clock

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cy.clock() overrides native global functions related to time allowing them to be controlled synchronously via cy.tick() or the yielded clock object. This includes controlling:

  • setTimeout
  • clearTimeout
  • setInterval
  • clearInterval
  • Date Objects

The clock starts at the unix epoch (timestamp of 0). This means that when you instantiate new Date in your application, it will have a time of January 1st, 1970.

Syntax

cy.clock()
cy.clock(now)
cy.clock(now, functionNames)
cy.clock(options)
cy.clock(now, options)
cy.clock(now, functionNames, options)

Usage

Correct Usage

cy.clock()

Arguments

now (number)

A timestamp specifying where the clock should start.

functionNames (Array)

Name of native functions that clock should override.

options (Object)

Pass in an options object to change the default behavior of cy.clock().

Option Default Description
log true Displays the command in the Command log

Yields

cy.clock() yields a clock object with the following methods:

  • clock.tick(milliseconds)

    Move the clock the specified number of milliseconds. Any timers within the affected range of time will be called.

  • clock.restore()

    Restore all overridden native functions. This is automatically called between tests, so should not generally be needed.

You can also access the clock object via this.clock in a .then() callback.

Examples

No Args

Create a clock and use it to trigger a setInterval

// your app code
let seconds = 0

setInterval(() => {
  $('#seconds-elapsed').text(++seconds + ' seconds')
}, 1000)
cy.clock()
cy.visit('/index.html')
cy.tick(1000)
cy.get('#seconds-elapsed').should('have.text', '1 seconds')
cy.tick(1000)
cy.get('#seconds-elapsed').should('have.text', '2 seconds')

Access the clock object to synchronously move time

In most cases, it’s easier to use cy.tick() to move time, but you can also use the clock object yielded by cy.clock().

cy.clock().then((clock) => {
  clock.tick(1000)
})

You can call cy.clock() again for this purpose later in a chain if necessary.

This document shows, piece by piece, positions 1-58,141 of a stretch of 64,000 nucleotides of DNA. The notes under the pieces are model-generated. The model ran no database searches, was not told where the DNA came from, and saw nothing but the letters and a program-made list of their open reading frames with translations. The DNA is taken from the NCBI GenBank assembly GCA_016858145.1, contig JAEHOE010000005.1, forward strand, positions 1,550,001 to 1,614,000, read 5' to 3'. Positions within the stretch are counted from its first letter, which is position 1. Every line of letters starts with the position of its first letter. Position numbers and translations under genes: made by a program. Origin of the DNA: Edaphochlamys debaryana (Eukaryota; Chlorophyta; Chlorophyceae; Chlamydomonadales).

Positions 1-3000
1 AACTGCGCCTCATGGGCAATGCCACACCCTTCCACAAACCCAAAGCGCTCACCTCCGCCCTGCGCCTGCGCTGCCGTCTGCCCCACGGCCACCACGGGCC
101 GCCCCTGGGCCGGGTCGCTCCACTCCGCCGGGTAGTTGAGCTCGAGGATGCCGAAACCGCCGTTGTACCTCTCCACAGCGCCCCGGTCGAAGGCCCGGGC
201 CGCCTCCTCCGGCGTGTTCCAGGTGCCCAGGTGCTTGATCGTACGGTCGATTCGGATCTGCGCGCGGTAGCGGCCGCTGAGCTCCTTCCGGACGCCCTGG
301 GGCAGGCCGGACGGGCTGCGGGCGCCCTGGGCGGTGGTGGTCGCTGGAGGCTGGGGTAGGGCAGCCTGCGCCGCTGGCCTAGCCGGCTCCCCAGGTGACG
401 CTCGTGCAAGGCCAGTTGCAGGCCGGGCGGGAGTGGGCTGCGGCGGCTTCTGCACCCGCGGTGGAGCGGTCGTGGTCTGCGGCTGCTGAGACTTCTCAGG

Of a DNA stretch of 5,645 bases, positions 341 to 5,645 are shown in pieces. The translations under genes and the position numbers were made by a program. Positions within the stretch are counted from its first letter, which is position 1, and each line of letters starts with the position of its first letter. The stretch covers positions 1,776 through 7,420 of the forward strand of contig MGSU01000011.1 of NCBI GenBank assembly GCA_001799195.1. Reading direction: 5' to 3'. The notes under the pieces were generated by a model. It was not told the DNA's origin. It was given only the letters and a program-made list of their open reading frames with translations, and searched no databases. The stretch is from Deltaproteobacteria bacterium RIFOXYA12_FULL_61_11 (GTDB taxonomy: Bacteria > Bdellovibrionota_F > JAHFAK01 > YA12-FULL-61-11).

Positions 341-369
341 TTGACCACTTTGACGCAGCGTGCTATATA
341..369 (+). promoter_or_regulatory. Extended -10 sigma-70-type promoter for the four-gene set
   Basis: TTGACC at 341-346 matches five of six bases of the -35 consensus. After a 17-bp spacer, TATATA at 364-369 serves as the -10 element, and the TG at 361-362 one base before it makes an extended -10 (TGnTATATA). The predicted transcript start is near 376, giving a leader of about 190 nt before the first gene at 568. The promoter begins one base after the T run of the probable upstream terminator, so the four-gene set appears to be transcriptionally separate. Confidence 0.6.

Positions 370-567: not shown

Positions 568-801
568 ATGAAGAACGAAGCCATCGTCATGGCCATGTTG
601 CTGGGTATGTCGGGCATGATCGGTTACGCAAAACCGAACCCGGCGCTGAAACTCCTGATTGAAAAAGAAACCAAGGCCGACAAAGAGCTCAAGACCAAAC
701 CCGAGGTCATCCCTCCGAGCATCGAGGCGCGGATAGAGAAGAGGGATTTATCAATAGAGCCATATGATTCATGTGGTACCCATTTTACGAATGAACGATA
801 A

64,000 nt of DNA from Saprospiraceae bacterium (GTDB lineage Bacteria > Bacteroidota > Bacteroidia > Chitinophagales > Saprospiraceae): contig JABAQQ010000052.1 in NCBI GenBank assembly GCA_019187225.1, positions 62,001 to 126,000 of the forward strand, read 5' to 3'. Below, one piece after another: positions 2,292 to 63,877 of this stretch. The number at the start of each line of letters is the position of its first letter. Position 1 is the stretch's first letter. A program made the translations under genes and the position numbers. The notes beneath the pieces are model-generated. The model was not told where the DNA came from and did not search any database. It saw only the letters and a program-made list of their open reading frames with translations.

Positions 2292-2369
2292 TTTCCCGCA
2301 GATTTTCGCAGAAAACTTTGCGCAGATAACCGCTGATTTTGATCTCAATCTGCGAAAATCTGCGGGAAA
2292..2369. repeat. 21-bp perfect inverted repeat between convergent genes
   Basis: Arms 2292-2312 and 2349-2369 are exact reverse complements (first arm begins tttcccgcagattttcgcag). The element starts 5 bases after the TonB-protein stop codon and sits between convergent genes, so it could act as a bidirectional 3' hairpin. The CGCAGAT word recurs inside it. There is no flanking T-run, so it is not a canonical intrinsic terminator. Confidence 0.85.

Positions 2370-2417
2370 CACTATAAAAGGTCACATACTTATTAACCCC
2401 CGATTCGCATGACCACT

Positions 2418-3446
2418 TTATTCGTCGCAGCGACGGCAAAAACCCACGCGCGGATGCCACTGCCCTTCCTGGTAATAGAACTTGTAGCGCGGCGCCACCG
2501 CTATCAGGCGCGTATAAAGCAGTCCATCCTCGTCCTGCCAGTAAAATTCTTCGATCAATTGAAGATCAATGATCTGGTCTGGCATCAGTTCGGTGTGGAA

cy.clock()
cy.get('input').type('Jane Lane')
cy.clock().then((clock) => {
  clock.tick(1000)
})

The clock object is also available via this.clock in any .then() callback.

cy.clock()
cy.get('form').then(($form) => {
  this.clock.tick(1000)
  // do something with $form ...
})

Access the clock object to restore native functions

In general, it should not be necessary to manually restore the native functions that cy.clock() overrides since this is done automatically between tests. But if you need to, the clock object yield has a .restore() method.

cy.clock().then((clock) => {
  clock.restore()
})

Or via this.clock:

cy.clock()
cy.get('.timer').then(($timer) => {
  this.clock.restore()
  // do something with $timer ...
})

Now

Specify a now timestamp

// your app code
$('#date').text(new Date().toJSON())
const now = new Date(2017, 3, 14).getTime() // April 14, 2017 timestamp

cy.clock(now)
cy.visit('/index.html')
cy.get('#date').contains('2017-04-14')

Function Names

Specify which functions to override

This example below will only override setTimeout and clearTimeout and leave the other time-related functions as they are.

cy.clock(null, ['setTimeout', 'clearTimeout'])

Note that you must specify Date in order to override the current datetime. The example below just affects the current datetime without affecting scheduled timers.

cy.clock(Date.UTC(2018, 10, 30), ['Date'])

Using cy.clock() and cy.tick()

Check out our example recipe testing spying, stubbing and time.

Notes

Iframes

iframes not supported

Note that cy.clock() only applies to the top window on a web page. It will not override the time functions of any iframe embedded on the page.

Behavior

clock behavior before cy.visit()

If you call cy.clock() before visiting a page with cy.visit(), the page’s native global functions will be overridden on window load, before any of your app code runs, so even if setTimeout, for example, is called on page load, it can still be controlled via cy.tick(). This also applies if, during the course of a test, the page under test is reloaded or changed.

Rules

Requirements

  • cy.clock() requires being chained off of cy.

Assertions

  • cy.clock() is a utility command.

  • cy.clock() will not run assertions. Assertions will pass through as if this command did not exist.

Timeouts

  • cy.clock() can not time out.

Command Log

Create a clock and tick it 1 second

cy.clock()
cy.tick(1000)

The command above will display in the Command Log as:

Command Log clock

When clicking on the clock command within the command log, the console outputs the following:

console.log clock command

See also